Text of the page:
Finally, for many people studying in Oxford is a dream! In my case, this dream has come true twice! So, I can’t help but feel blessed… I’d like to say a big, sincere thanks to our teacher trainers, Richard& Joe and all my dear new friends who made this another unforgettable experience! Hopefully our paths will cross again…It’s a small world after all :-)!
Last summer I decided to do a more focused teacher training course at Pilgrims in Canterbury, Kent. This time I picked a weekly seminar on ICT& the Use of Social Media in Education which is a field I’m particularly interested in. Kristina Smith, Işil Boy and Beyza Yilmaz earnestly shared their knowledge on how language teachers can make good use of major social media like Facebook and Twitter as well as a set of amazing Web 2.0 tools like Goggle docs, Jing, Diigo, Animoto, Scoop.it and Pinterest, while making sure that students are safe online and familiar with copyright issues. What’s more, they encouraged us to develop and extend our PLN (Personal Learning Network) and this is one of the main reasons I decided to start this blog :-)!
What made a very positive impression on me is the fact that the majority of my classmates were people in their 40s- 50s. My fellow trainees were proof of very committed teachers, determined to become tech- savvy despite the age factor so as to meet their students’ contemporary expectations and needs. Respect :-)!
This experience differed from the one in Oxford but it was surely beautiful in itself. The campus at the University of Kent was wonderful and we were lucky to enjoy the sunny weather during our stay!
Hopefully, I’ll get to meet some of my fellow trainees and our three lovely trainers in December at the 1st International Symposium on educational technology at the Yildiz Technical University in Istanbul.
When I enrolled on the annual summer seminar for English teachers at Exeter College in Oxford, I really didn’t know what to expect. This would be my first visit to Oxford and the first professional development course I would attend… Luckily, the overall experience turned out to be more satisfying than I could ever imagine!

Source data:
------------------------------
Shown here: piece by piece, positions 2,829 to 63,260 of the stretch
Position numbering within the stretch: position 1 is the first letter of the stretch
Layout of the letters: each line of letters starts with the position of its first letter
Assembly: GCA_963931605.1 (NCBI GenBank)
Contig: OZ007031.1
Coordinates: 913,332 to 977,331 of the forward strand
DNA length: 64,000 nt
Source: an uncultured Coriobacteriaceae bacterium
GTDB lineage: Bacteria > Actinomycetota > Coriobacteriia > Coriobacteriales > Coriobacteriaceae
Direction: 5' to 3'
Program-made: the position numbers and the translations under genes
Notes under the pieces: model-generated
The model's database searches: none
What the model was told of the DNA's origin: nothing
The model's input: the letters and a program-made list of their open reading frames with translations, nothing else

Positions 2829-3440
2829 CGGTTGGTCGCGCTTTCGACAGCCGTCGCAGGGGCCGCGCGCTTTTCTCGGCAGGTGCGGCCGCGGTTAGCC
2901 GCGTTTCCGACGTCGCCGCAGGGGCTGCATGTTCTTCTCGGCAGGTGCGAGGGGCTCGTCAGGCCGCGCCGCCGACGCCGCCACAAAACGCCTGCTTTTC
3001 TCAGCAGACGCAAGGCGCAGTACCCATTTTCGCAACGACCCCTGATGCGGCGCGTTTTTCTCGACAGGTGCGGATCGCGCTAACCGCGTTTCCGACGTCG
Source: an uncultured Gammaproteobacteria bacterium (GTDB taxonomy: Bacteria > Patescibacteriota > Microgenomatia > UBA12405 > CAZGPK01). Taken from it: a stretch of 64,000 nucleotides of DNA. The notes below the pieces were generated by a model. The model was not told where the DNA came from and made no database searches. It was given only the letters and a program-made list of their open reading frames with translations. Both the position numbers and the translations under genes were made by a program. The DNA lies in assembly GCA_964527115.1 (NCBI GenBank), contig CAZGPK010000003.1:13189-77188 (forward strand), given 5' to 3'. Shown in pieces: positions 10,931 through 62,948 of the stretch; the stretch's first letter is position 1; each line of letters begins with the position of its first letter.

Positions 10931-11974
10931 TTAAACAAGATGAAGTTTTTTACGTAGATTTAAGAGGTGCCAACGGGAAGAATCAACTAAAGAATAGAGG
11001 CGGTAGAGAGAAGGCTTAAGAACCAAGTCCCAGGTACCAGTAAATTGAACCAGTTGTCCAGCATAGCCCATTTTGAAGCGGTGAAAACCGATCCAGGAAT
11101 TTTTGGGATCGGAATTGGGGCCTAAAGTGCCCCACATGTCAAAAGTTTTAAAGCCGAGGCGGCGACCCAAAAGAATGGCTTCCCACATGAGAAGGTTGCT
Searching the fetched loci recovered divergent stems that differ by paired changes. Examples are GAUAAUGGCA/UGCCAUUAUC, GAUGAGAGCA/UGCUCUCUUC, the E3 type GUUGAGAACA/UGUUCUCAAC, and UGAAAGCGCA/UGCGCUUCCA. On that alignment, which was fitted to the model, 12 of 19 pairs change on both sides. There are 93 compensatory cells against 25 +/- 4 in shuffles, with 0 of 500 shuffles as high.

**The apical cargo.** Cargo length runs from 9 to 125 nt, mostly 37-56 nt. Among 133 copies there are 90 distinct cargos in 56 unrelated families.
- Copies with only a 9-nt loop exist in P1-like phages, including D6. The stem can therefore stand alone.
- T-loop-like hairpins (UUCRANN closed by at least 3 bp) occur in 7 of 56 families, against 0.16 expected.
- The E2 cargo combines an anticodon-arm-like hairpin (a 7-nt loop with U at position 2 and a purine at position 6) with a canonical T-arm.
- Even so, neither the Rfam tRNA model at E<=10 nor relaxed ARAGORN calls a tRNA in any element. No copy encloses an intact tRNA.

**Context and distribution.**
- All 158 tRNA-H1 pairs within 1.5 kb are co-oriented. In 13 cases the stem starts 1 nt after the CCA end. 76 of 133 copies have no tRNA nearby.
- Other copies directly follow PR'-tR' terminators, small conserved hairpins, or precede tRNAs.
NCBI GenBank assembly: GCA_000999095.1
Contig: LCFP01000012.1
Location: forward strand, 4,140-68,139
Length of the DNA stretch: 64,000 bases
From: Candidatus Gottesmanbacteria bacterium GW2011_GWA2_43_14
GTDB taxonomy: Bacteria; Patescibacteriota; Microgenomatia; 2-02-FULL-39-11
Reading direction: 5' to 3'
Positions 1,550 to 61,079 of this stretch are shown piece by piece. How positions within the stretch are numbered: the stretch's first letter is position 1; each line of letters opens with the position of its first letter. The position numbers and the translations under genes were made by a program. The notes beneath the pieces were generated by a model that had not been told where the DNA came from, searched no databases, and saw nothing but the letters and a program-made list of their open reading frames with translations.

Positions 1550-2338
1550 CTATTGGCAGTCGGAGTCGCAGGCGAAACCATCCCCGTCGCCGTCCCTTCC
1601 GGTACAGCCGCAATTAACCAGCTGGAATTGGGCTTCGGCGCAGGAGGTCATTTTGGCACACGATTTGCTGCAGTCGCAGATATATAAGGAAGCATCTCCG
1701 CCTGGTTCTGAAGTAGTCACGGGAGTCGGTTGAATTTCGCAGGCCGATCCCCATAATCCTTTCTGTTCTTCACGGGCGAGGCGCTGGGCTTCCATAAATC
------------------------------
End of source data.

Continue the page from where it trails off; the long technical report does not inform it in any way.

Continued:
The seminar lasted for two weeks that literally flew by! We were a diverse group of 54 teachers from Greece, Spain, Italy, Turkey, Germany, Portugal, Norway, Slovakia, Brazil, Peru, Colombia, Argentina, Chile, China, Japan and the USA! Our daily schedule was very demanding yet highly motivating! Each morning started with some very informative lectures given by inspiring teacher trainers among whom Ken Wilson and Shaun Wilden.
The workshops to follow covered a wide range of ELT areas for ‘every taste’ like language testing, developing materials, how to become a teacher trainer, successful pronunciation, teaching grammar, working with texts, promoting speaking skills and teaching teenagers. Our tutors, Charles Boyle, Hanna Kryszewska, Jon Hird, Edmund Dudley and Adrian Underhill were great- I’d say the elite of the ELT field!
Aside from all the learning, we had our share of entertainment too! Indeed, we had lots of fun doing some Scottish country dancing, going on a pub tour, walking in the countryside ‘the English not the Latin way’ 😉 as well as talking about our countries while trying local delicacies and drinks on a special cultural exchange night!
Experiencing the Oxford student life at the beautiful premises of Exeter College, going around this lovely city with all its historical buildings, the old colleges, the Botanic Garden, the Bodleian Library was dreamy to say the least.
Most importantly, in Oxford I made some lifelong friends :-)! It’s so nice to feel part of a worldwide ELT community and even better to have special people to visit wherever you choose to travel in the world!
I consider myself very lucky and privileged to have attended the seminar at Exeter and if you ever get the opportunity to do this course, just don’t miss it!
A big thanks to everyone who made this course so memorable!